There shall be a Christian and Universal Peace, and a perpetual, true, and sincere Amity, between his Sacred Imperial Majesty [the Holy Roman Emperor], and his most Christian Majesty [of France]; as also, between all and each of the Allies... That this Peace and Amity be observ’d and cultivated with such a Sincerity and Zeal, that each Party shall endeavour to procure the Benefit, Honour and Advantage of the other; that thus on all sides they may see this Peace and Friendship in the Roman Empire, and the Kingdom of France flourish, by entertaining a good and faithful Neighbourhood.
The bloody warfare between Catholics and Protestants in England, meanwhile, brought to the fore thinkers such as John Locke, whose Essays of Civil Government and Letter Concerning Toleration played a significant role in the Glorious Revolution of 1688 and later in the American Revolution. Locke wrote:
The care of souls cannot belong to the civil magistrate, because his power consists only in outward force; but true and saving religion consists in the inward persuasion of the mind, without which nothing can be acceptable to God. And such is the nature of the understanding, that it cannot be compelled to the belief of anything by outward force. Confiscation of estate, imprisonment, torments, nothing of that nature can have any such efficacy as to make men change the inward judgment that they have framed of things.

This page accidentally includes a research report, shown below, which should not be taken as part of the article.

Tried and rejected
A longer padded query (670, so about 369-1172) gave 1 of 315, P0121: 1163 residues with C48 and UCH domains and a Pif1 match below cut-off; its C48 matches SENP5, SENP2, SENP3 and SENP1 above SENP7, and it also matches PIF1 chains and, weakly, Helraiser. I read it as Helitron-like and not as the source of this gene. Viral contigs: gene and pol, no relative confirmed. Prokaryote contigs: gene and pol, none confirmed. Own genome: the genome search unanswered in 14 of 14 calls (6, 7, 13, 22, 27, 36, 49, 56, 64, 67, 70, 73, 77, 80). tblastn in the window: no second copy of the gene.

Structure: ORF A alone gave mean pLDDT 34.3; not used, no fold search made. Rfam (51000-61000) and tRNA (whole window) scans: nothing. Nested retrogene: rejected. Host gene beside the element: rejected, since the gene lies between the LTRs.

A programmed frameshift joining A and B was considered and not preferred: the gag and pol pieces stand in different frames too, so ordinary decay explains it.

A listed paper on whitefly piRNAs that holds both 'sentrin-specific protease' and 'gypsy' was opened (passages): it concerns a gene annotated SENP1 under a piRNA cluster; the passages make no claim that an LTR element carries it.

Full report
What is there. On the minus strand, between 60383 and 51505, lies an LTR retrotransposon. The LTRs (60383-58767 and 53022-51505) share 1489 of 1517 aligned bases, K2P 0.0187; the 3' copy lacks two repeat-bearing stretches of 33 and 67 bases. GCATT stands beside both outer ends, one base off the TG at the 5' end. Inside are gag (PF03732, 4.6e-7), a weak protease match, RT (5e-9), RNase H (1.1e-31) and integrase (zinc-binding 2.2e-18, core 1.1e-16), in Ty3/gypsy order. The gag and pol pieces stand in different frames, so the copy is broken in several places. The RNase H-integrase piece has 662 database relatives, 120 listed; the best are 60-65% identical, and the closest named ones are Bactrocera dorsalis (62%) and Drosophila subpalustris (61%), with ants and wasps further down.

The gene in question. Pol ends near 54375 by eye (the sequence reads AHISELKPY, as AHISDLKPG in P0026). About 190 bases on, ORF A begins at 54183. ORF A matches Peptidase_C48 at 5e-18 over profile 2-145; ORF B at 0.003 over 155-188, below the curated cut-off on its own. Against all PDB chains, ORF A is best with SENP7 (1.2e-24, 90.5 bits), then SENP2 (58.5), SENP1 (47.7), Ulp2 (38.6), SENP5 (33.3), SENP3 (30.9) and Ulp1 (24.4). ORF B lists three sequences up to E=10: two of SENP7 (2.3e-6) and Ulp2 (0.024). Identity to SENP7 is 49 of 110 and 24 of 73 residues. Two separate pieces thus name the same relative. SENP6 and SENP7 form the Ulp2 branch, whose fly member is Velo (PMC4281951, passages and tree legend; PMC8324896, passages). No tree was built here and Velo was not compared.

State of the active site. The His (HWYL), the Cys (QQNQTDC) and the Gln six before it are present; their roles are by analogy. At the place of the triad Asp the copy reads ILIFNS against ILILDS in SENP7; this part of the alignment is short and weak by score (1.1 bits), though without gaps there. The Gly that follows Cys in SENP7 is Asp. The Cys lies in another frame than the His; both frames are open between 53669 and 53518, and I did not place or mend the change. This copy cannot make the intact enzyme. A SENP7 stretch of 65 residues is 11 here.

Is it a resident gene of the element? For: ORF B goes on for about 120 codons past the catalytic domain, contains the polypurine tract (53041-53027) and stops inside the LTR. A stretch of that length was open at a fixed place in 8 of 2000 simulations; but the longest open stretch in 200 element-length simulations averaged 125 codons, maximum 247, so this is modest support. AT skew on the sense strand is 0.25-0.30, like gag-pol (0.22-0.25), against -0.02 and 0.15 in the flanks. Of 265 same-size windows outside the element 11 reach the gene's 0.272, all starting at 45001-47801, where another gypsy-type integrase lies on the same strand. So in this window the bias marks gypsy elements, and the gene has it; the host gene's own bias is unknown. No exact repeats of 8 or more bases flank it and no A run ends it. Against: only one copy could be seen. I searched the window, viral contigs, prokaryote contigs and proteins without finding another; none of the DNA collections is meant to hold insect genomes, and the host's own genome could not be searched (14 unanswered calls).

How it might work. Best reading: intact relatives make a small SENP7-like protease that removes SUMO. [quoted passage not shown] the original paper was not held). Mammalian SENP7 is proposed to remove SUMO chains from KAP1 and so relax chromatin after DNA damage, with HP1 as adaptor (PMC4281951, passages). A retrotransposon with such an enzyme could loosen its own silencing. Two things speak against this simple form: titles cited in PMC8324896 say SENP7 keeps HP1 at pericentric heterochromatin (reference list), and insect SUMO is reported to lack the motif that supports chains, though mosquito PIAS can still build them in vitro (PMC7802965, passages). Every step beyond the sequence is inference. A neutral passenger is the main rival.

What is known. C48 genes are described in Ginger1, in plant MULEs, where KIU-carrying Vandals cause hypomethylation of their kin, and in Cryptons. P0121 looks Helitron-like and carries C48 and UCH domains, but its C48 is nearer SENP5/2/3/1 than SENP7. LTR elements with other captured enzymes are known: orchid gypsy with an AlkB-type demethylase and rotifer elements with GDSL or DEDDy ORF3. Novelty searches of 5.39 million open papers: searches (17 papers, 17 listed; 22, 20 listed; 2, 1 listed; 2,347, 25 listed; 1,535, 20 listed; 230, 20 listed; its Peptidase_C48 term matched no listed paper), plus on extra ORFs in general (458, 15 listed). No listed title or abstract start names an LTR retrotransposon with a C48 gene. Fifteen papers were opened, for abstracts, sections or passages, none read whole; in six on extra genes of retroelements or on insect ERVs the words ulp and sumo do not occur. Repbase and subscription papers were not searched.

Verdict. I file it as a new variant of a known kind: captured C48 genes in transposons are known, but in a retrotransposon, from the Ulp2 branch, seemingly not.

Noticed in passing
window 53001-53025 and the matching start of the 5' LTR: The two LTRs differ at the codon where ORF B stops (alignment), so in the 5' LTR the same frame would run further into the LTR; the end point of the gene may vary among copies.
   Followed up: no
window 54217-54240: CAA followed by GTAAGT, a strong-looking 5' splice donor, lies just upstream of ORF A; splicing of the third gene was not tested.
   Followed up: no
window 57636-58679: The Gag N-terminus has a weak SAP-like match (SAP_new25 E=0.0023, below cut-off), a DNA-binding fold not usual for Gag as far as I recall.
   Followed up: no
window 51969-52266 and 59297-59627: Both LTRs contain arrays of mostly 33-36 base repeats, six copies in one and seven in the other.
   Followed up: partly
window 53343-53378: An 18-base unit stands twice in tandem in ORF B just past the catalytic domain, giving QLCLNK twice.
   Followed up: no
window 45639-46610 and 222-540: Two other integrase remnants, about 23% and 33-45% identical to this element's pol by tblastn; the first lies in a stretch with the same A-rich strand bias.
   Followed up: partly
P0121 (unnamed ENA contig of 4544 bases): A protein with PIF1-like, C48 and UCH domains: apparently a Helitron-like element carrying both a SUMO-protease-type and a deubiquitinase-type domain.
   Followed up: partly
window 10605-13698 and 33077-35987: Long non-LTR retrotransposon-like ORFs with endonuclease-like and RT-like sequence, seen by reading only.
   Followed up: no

Locke’s ideas on the primacy of conscience over both church and state were to be further enshrined in the American Declaration of Independence, written by Thomas Jefferson in 1776. Another of Jefferson's works, the 1779 Virginia Statute for Religious Freedom, proclaimed:
[N]o man shall be compelled to frequent or support any religious worship, place, or ministry whatsoever, nor shall be enforced, restrained, molested, or burthened in his body or goods, nor shall otherwise suffer, on account of his religious opinions or belief; but that all men shall be free to profess, and by argument to maintain, their opinions in matters of religion, and that the same shall in no wise diminish, enlarge, or affect their civil capacities.